- Other government benefits and credits (Canada Child Benefit, GST/HST Credits, etc.) will also continue to go to you as usual, with the general exception of certain income tax refunds.
- There is no cap or maximum amount of income you can earn during your bankruptcy.
Being able to plan your household budget and expenses is important – we will help you estimate your bankruptcy costs before you proceed. We want you to feel confident and in control as you move ahead.
When is Filing for Bankruptcy the Best Option?
How Long Does Bankruptcy Stay on My Credit?
In most situations only you, your creditors, your Licensed Insolvency Trustee and the Office of the Superintendent of Bankruptcy (“OSB”) will know about your bankruptcy, and credit bureaus will obtain information relevant to their records directly from the OSB.
- The OSB is the government body that oversees all Licensed Insolvency Trustee matters and filings that the Bankruptcy and Insolvency Act applies to, including bankruptcies and Consumer Proposals.
A bankruptcy will be noted as an R9 on your credit history for six years following your discharge from bankruptcy. This is the same duration as many other common transactions such as missed payments or creditor judgments, and the note is temporary – credit history and scores can change dramatically in as little as two to three years.
- Although many people decide to wait until after bankruptcy to take on new credit, this isn’t a requirement. It is possible to apply for and be granted credit long before this R9 note expires from your credit history, including vehicle financing, mortgage renewals, etc.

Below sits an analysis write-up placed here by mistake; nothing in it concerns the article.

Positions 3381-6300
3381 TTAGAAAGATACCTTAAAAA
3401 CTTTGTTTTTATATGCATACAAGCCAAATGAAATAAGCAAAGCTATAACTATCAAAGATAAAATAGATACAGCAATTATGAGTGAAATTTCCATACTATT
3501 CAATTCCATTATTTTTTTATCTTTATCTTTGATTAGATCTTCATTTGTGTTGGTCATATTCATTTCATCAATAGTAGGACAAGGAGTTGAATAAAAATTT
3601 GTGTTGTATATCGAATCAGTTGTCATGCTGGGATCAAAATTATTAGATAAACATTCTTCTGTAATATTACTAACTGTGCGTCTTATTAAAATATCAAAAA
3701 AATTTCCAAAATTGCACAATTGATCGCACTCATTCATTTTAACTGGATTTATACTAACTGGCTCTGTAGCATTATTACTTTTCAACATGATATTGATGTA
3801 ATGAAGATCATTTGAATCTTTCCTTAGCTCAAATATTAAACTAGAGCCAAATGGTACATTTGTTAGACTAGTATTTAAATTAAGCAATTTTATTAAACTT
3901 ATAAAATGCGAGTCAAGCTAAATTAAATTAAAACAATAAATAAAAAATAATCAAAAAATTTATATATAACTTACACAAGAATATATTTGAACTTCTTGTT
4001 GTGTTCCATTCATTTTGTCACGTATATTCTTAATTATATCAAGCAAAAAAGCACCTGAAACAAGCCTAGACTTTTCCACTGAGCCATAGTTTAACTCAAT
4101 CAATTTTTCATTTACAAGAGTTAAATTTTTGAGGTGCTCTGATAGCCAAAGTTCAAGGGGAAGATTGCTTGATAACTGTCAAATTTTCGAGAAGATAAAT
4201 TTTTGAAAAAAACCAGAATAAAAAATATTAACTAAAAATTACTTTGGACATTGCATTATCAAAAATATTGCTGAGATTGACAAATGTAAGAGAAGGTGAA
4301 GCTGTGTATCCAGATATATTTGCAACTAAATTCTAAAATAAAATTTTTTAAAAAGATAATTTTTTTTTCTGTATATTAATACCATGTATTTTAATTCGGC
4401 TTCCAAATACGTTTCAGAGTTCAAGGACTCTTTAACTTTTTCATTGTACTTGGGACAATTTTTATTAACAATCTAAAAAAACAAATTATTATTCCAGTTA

- It is an achievable goal to be considered for a mortgage loan in as little as two-to-three years after completing bankruptcy and guidance on establishing credit is part of the bankruptcy financial counselling process.
There is life (and credit) after bankruptcy!
How Do I Claim Bankruptcy?
There are three basic steps to officially starting bankruptcy with Sands & Associates:
- Have a confidential, non-judgmental consultation with a Licensed Insolvency Trustee (or Insolvency Estate Manager working with a Trustee)
- Complete an information form so your bankruptcy documents can be prepared for you
- Sign the official bankruptcy documents
Your Licensed Insolvency Trustee will take care of the administration of your bankruptcy filing including working on your behalf in creditor communications and notifying your creditors of your decision to file.
We understand that no one wants to be in a position where they are considering bankruptcy and that you may be experiencing a lot of stress and anxiety as you come to the decision to reach out for help. Please know that whatever challenges you have been dealing with, there are solutions – and we’re here to help you find the one that’s right for you and your situation.
Explore your options and learn how bankruptcy could get you to a debt-free financial fresh start. Book your free confidential debt consultation today, virtual and in-person services are available across BC.